13.
Bioscience ; 73(3): 220-228, 2023 Mar.
Artigo em Inglês | MEDLINE | ID: mdl-36936383

RESUMO

The concept of dominance is frequently used to describe changes in rapidly reconfiguring ecosystems, but the definition of dominance can vary widely among studies. Using coral reefs as a model, we use extensive benthic composition data to explore how variability in applying dominance concepts can shape perceptions. We reveal that coral dominance is sensitive to the exclusion of key algal groups and the categorization of other benthic groups, with ramifications for detecting an ecosystem phase shift. For example, ignoring algal turf inflates the dominance of hard and soft corals in the benthic habitats underpinning reef ecosystems. We need a consensus on how dominance concepts are applied so that we can build a more comprehensive understanding of ecosystem shifts across a broad range of aquatic and terrestrial settings. For reefs, we highlight the benefits of comprehensive and inclusive surveys for evaluating and managing the altered ecosystem states that are emerging in the Anthropocene.

14.
Ecol Appl ; 33(4): e2849, 2023 06.
Artigo em Inglês | MEDLINE | ID: mdl-36938654

RESUMO

Connectivity is vital for the biodiversity and functioning of marine ecosystems. It is known to be important for coral reefs, but the scales at which connectivity effects matter-and, correspondingly, the scales at which management responses are needed-are poorly understood in marine systems. We used 23 years of fish monitoring data collected from ~50 different coral reefs by the Australian Institute of Marine Science, together with a range of geographic data layers (including the Allen Coral Atlas) and additional network analysis, to explore the balance of local and regional influence on fish communities. Variance partitioning indicated that 42% of the variance in fish community composition could be explained by regional effects or their interaction with coarse-grained local influences (habitat). The variance explained by regional influences was divided evenly between measures that capture location on environmental gradients (e.g., proximity to coastal shelf, latitude) and cross-scale centrality measures of reef location within a broader reef network. A total of 11% of variance could be directly or indirectly attributed to management. Our results provide clear evidence that management and restoration of reefs across the globe must consider both local and regional influences on reef-associated organisms and highlight the potential benefits of improving connectivity in human-dominated coastal seascapes.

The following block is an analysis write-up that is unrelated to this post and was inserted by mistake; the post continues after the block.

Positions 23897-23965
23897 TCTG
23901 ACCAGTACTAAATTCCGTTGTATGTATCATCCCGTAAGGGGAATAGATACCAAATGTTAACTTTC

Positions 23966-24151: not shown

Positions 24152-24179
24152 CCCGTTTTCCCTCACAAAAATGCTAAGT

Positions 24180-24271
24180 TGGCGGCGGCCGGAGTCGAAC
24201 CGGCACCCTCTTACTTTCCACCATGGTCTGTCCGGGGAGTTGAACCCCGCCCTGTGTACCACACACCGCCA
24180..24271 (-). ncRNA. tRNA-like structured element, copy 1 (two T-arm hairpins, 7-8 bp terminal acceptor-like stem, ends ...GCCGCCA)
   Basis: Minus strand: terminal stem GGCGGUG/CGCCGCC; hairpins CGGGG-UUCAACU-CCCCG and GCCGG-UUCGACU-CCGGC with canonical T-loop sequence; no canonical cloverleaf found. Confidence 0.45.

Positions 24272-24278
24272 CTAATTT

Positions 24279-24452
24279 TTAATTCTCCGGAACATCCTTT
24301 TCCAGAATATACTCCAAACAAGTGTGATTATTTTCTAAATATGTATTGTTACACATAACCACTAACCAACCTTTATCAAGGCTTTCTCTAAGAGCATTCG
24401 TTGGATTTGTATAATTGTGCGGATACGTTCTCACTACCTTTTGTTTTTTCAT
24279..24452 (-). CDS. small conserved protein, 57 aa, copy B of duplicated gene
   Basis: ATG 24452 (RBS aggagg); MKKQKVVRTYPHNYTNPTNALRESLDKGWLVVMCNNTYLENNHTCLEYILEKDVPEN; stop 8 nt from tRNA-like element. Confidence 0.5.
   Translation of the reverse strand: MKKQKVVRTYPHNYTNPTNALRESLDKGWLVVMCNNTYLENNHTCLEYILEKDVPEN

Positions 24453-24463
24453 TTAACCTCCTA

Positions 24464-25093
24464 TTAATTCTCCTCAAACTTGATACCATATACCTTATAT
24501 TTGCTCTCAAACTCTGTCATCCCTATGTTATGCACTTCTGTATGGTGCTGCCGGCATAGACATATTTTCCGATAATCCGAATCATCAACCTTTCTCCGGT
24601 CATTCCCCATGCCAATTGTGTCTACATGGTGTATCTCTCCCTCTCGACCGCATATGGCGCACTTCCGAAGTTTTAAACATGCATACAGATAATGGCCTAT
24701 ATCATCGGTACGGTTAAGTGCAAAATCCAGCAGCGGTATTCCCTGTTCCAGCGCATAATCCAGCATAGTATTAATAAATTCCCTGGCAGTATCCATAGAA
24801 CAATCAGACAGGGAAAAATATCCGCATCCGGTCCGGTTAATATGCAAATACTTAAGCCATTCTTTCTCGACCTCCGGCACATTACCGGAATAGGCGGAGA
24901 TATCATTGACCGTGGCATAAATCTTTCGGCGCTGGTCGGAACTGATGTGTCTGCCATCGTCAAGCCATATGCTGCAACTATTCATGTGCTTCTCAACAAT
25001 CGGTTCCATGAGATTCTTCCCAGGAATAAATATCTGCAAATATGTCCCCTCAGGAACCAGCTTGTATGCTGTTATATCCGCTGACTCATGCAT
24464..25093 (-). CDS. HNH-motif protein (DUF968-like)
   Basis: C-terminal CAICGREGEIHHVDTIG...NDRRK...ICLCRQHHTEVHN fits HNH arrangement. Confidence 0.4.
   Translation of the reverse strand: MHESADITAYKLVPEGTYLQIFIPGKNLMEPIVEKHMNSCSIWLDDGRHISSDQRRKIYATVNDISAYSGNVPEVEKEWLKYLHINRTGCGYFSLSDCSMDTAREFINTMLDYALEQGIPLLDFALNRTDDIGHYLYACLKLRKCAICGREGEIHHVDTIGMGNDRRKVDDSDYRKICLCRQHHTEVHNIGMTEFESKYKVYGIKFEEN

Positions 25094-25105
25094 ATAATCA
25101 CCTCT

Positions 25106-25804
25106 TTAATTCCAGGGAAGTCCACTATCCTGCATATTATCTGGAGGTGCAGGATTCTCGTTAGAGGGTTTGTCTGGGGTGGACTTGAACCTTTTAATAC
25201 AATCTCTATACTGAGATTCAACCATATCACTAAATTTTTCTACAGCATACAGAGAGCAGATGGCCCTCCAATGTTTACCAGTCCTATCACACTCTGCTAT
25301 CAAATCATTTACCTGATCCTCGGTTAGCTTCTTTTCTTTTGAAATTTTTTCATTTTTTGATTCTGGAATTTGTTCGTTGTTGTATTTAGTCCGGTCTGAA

Assuntos
Antozoários , Recifes de Corais , Animais , Humanos , Ecossistema , Austrália , Peixes/fisiologia , Antozoários/fisiologia , Biodiversidade
15.
Nat Ecol Evol ; 7(1): 71-81, 2023 01.
Artigo em Inglês | MEDLINE | ID: mdl-36631667

RESUMO

Globally, ecosystems are being reconfigured by a range of intensifying human-induced stressors. Coral reefs are at the forefront of this environmental transformation, and if we are to secure their key ecosystem functions and services, it is important to understand the likely configuration of future reefs. However, the composition and trajectory of global coral reef benthic communities is currently unclear. Here our global dataset of 24,468 observations spanning 22 years (1997-2018) revealed that particularly marked declines in coral cover occurred in the Western Atlantic and Central Pacific. The data also suggest that high macroalgal cover, widely regarded as the major degraded state on coral reefs, is a phenomenon largely restricted to the Western Atlantic. At a global scale, the raw data suggest decreased average (± standard error of the mean) hard coral cover from 36 ± 1.4% to 19 ± 0.4% (during a period delineated by the first global coral bleaching event (1998) until the end of the most recent event (2017)) was largely associated with increased low-lying algal cover such as algal turfs and crustose coralline algae. Enhanced understanding of reef change, typified by decreased hard coral cover and increased cover of low-lying algal communities, will be key to managing Anthropocene coral reefs.


Assuntos
Antozoários , Recifes de Corais , Animais , Humanos , Ecossistema
16.
Trends Ecol Evol ; 38(5): 402-411, 2023 05.
Artigo em Inglês | MEDLINE | ID: mdl-36522192

RESUMO